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Video-game maker Behaviour Interactive’s CEO sees reason for optimism amid spectre of recession

Founder of Canada’s largest independent game maker is eyeing expansion of its Toronto office

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The booming video-game industry has seen a flurry of acquisitions in recent years, but the founder and CEO of Canada’s largest independent game maker isn’t looking to give up his company any time soon.

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“There’s (been) opportunities, but why sell? That’s the question,” Behaviour Interactive Inc.’s Rémi Racine said on Sept. 14 from the company’s recently opened Toronto office. “Ted Rogers never sold Rogers (Communications Inc.) but I’m sure he had the opportunity to sell many times. So it’s the same…. He wanted to build something. I’ve decided I want to build something instead of selling.”

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That mindset is part of what led the Montreal-headquartered firm, famous for the game Dead by Daylight, to expand its base to Ontario’s largest city, opening an office in the downtown core in April. The Toronto base currently has about 70 employees, but with the video-game sector sizzling at home and globally, Racine wants to fill the office with 300 more designers, programmers and marketers to add to its 1,000-deep roster in Quebec.

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Racine, who founded Behaviour in 1992, and his chief technology officer, Stephen Mulrooney, seem upbeat about the future, a bit of a jarring juxtaposition to the pall cast over numerous Canadian sectors, especially technology, by high inflation, increasing interest rates and the spectre of recession.

“The game industry is probably one of the best values for a discretionary dollar right now,” Mulrooney said, seated across from Racine. “Compared to other things like going to the movies or going to a restaurant … the amount of entertainment you get for your dollar (with video games) is higher than most other forms.”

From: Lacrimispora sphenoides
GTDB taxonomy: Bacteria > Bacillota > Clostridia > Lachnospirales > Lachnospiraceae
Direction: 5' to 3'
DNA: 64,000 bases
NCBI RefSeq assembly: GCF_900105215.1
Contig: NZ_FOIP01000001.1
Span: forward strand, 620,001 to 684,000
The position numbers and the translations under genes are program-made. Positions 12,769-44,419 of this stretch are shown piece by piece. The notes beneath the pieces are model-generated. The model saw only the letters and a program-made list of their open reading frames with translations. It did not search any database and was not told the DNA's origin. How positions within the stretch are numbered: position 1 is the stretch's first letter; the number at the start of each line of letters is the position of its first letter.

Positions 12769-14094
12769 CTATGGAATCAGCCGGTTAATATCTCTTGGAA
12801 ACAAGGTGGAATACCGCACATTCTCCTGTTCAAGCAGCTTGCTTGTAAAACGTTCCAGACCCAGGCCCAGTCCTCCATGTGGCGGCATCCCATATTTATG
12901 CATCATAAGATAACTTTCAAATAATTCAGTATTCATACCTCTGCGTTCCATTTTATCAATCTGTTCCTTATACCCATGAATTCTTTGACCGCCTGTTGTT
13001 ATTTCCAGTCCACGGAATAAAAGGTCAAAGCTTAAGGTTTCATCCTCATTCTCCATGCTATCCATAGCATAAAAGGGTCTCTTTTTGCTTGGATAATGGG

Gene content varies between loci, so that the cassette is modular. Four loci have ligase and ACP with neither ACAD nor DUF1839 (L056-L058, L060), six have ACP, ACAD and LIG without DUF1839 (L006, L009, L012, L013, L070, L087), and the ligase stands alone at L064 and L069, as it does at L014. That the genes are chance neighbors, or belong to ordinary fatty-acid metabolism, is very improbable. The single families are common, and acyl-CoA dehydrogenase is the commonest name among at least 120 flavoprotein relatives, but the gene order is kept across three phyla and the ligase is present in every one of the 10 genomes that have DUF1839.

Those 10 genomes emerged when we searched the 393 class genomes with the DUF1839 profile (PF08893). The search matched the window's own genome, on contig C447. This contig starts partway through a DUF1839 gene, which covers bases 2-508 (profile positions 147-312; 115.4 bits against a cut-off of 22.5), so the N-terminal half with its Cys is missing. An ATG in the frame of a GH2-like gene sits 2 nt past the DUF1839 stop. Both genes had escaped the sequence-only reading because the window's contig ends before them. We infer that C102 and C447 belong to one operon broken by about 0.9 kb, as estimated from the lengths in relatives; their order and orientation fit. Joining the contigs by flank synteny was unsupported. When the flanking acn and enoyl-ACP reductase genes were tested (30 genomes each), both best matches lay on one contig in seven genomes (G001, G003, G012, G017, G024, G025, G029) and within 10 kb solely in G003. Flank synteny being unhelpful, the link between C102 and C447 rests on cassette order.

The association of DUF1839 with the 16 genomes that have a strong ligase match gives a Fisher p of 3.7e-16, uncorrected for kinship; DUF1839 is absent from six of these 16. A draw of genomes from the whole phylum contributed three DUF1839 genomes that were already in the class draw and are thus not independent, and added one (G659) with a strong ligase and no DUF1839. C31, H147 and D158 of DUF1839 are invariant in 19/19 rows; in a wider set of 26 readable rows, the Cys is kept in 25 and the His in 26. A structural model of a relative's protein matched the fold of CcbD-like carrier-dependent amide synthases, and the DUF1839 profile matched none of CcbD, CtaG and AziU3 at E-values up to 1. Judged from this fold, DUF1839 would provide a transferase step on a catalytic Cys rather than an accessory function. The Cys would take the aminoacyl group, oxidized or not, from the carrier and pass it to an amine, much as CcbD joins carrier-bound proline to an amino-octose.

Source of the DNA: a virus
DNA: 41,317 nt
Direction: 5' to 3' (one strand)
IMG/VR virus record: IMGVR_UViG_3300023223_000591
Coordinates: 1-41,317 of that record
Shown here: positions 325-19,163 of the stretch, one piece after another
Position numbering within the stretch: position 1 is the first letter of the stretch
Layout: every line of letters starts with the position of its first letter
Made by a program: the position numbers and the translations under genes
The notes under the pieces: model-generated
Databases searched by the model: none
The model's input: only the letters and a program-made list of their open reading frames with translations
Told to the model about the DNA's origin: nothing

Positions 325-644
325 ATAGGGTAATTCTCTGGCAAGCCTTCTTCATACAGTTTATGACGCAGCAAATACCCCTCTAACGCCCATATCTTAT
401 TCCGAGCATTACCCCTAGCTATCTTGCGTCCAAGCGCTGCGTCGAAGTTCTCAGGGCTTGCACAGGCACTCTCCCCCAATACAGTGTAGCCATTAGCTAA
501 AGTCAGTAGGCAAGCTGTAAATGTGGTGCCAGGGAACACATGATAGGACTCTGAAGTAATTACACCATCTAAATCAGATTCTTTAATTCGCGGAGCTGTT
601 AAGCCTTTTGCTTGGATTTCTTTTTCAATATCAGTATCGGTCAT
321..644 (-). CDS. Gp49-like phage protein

The long gestation period for games — a video game can take up to four years to produce from ideation to getting it to market — is another reason to avoid any knee-jerk reactions.

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“Let’s say the downturn lasts 18 to 30 months,” Racine said, “we’re going to release those games when the economic cycle will be different.”

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The latest data from Entertainment Software Association of Canada (ESAC), a trade lobby, supports Racine and Mulrooney’s optimism. The number of active companies increased by 35 per cent from 2019, according to ESAC’s industry report that comes out every two years. Further, revenues from the sector grew 20 per cent over the two-year period to an estimated $4.3 billion.

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Behaviour itself brought in record revenues of $260 million this year, the executives said, and the momentum helped it acquire its first studio, Seattle-based Midwinter Entertainment in May.

Racine said he won’t go on a buying spree to pick up smaller studios because the Behaviour team is selective when it comes to “vision,” and want to be strategic. But he acknowledged making acquisitions could be easier now that the Heritage Ministry, which has jurisdiction over entertainment sectors, is more closely scrutinizing foreign purchases of Canadian studios. The ESAC report showed that between 2019 and 2021, the number of Canadian-owned studios declined from 84 per cent to 75 per cent.

“It’s a good thing for us,” Racine said of the elevated scrutiny from Heritage. “It’s an opportunity because those studios might become available and instead of a foreigner buying it, it might be easier for us.”

• Email: bbharti@postmedia.com | Twitter: 


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